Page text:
Asia’s large economic disparities are a source of major continuing tension in the region. While global economic powers China, Japan, India, and South Korea continue powering through, and Indonesia, Malaysia, Philippines, Thailand, Vietnam and Sri Lanka have entered the path to long-term growth, regions right next to these countries are in severe need of assistance.
Given the large number cheap and amply available labor in the region, particularly in China and India, where large workforces provide an economical advantage over other countries, the rising standard of living will eventually lead to a slow-down. Asia is also riddled with political problems that threaten not just the economies, but the general stability of the region and world. The nuclear neighbors—Pakistan and India—constantly pose a threat to each other, causing their governments to heavily invest in military spending.
Military intervention by the United States in Iraq and Afghanistan has also inflamed extremism and resulted in several terrorist attacks in a number of Asian countries. Another impending crisis is the depletion of oil reserves in the Middle East. Most of these economies have traditionally been over-dependent on oil and have had difficulty establishing another pillar in their economies.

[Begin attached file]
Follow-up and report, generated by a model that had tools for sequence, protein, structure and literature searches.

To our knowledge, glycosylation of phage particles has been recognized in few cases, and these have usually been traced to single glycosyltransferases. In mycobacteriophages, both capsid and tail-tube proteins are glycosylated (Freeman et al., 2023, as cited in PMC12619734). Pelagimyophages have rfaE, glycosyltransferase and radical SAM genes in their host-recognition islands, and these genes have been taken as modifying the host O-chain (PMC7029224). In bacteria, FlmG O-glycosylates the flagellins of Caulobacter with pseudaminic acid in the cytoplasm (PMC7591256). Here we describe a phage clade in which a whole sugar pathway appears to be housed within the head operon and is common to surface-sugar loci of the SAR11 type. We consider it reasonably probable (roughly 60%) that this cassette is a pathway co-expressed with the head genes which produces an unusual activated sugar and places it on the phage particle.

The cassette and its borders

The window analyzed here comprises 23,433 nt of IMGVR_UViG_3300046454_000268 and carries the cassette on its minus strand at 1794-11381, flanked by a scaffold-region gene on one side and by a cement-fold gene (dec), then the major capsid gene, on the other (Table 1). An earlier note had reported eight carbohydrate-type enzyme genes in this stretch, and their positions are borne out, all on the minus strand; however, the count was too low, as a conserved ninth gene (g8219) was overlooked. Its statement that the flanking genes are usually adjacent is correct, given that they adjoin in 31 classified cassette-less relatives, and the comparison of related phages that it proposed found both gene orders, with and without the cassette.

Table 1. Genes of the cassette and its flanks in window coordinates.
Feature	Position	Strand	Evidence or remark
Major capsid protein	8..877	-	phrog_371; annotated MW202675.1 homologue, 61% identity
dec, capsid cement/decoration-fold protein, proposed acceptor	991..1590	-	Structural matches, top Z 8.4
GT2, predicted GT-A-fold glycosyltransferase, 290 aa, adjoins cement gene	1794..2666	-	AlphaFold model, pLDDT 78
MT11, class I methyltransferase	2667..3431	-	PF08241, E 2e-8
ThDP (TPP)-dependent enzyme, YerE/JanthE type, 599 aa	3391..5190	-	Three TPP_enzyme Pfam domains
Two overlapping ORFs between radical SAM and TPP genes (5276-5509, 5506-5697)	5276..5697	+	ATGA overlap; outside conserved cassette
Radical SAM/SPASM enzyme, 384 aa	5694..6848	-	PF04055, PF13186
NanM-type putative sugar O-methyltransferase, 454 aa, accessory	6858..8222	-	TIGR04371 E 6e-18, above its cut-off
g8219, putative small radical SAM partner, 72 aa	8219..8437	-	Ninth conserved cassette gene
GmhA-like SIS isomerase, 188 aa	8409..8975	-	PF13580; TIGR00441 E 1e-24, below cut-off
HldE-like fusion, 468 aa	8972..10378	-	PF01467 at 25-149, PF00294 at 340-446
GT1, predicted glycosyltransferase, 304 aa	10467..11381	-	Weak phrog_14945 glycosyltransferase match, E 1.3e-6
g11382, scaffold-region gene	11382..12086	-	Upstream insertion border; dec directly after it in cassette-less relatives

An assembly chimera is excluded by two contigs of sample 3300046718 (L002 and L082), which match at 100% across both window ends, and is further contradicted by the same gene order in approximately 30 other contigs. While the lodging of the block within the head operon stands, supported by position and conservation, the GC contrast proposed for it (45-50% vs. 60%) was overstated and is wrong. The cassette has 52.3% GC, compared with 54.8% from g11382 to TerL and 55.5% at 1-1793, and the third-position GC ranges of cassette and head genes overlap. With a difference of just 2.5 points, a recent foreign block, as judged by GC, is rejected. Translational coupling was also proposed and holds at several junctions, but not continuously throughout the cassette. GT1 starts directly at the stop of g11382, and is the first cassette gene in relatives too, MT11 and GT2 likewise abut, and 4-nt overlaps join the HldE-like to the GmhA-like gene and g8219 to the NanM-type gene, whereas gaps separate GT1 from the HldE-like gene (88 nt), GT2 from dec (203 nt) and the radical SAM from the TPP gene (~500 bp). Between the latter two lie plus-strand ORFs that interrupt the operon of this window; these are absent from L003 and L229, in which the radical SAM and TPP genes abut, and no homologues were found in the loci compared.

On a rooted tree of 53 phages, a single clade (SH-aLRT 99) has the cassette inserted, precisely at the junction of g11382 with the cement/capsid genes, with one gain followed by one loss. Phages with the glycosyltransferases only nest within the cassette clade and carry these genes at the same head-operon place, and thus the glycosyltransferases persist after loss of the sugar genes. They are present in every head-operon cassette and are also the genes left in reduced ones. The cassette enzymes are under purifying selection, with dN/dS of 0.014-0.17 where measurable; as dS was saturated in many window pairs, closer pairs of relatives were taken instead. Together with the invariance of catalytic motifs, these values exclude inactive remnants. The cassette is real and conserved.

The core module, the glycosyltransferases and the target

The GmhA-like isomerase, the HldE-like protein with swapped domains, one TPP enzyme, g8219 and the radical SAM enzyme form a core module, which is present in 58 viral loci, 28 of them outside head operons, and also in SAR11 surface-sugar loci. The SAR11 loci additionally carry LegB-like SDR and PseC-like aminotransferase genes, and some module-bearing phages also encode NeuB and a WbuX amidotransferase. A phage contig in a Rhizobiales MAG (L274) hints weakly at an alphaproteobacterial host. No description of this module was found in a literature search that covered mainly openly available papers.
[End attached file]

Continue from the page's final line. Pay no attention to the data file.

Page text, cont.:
Yet another potential global danger posed by the economy of Asia is the growing accumulation of foreign exchange reserves. The countries/regions with the largest foreign reserves are mostly in Asia – China (Mainland – $2,454 billion & Hong Kong – $245 billion, June 2010), Japan ($1,019 billion, June 2009), Russia ($456 billion, April 2010), India ($284 billion, July 2010), Taiwan ($372 billion, September 2010), the Republic of Korea ($286 billion, July 2010), Singapore ($206 billion, July 2010). This increasingly means that the interchangeability of the Euro, USD, and GBP are heavily influenced by Asian central banks. Some economists in the western countries see this as a bad thing, prompting their respective governments to take action.